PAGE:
We provide network services, such as antenna installations and subsequent augmentation, network design and site selection, site acquisition services, site development and other services, on a limited basis. Network services revenues are generally recognized under a method which approximates the completed contract method. Under the completed contract method, revenues and costs for a particular project are recognized in total at the completion date. When using the completed contract method of accounting for network services revenues, we must accurately determine the completion date for the project in order to record the revenues and costs in the proper period. For antenna installations, we consider the project complete when the customer can begin transmitting its signal through the antenna. We must also be able to estimate losses on uncompleted contracts, as such losses must be recognized as soon as they are known. The completed contract method is used for projects that require relatively short periods of time to complete (generally less than one year), such as our network services agreements and contracts. We do not believe that our use of the completed contract method for network services projects produces financial position and operating results that differ substantially from the percentage-of-completion method.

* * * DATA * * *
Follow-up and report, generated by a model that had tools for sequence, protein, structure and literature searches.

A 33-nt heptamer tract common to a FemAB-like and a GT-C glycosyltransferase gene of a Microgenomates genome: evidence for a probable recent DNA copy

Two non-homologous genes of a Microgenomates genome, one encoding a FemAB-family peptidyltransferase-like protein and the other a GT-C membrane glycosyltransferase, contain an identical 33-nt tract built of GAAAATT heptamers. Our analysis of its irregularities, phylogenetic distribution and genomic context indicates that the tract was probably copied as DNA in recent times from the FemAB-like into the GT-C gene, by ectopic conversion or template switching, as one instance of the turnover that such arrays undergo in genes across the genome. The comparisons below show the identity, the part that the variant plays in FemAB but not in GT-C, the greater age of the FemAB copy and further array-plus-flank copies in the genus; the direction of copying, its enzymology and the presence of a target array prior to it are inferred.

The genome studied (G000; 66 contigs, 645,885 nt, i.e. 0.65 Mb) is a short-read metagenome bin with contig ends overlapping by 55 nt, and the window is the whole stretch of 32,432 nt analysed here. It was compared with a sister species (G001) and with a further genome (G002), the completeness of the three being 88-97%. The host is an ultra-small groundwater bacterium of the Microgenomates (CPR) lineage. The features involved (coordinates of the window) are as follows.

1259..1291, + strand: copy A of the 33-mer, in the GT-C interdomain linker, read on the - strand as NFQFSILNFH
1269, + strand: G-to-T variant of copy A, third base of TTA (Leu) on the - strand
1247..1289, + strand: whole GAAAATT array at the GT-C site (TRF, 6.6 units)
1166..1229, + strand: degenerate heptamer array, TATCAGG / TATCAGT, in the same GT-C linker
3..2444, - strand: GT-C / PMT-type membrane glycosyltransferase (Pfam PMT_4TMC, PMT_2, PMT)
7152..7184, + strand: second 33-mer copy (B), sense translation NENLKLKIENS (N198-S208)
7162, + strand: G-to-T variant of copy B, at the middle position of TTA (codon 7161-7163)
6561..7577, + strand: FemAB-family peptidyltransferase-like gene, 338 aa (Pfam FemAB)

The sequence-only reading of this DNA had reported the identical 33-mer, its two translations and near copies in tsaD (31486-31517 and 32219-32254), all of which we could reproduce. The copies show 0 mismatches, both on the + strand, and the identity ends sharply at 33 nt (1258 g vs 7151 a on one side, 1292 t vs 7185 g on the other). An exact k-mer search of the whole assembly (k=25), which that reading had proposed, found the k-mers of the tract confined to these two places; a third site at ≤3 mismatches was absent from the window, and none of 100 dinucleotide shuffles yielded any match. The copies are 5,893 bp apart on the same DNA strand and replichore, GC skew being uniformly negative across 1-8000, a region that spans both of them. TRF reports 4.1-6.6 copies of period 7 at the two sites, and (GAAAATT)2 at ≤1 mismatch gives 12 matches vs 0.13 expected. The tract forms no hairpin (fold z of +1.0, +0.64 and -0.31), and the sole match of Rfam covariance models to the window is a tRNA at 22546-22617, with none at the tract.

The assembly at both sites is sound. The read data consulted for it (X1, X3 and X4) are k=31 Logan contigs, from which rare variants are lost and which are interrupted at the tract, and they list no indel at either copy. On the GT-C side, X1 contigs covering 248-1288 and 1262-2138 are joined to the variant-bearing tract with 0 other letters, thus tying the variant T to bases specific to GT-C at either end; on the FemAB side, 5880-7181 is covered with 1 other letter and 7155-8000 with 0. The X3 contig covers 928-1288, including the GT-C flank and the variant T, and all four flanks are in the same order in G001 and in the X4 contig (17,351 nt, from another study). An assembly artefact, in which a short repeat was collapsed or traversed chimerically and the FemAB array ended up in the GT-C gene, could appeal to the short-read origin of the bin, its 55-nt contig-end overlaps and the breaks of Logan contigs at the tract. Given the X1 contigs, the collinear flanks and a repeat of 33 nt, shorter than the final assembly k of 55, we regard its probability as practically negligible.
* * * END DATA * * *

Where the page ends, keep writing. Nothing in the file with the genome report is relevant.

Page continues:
Some of our arrangements with our customers call for the performance of multiple revenue-generating activities. Generally, these arrangements include both site rental and network services. In such cases, we determine whether the multiple deliverables are to be accounted for separately or on a combined basis. In order to be accounted for separately, the undelivered items must (1) have stand-alone value to the customer, (2) have reliably determinable fair value on a separate basis, and (3) have delivery which is probable and under our control. In addition, the delivered item must have stand-alone value to the customer. Allocation of recognized revenue in such arrangements is based on the relative fair value of the separately delivered items. We have generally determined that it is appropriate to account for antenna installation activities separately from the customer’s subsequent site rentals.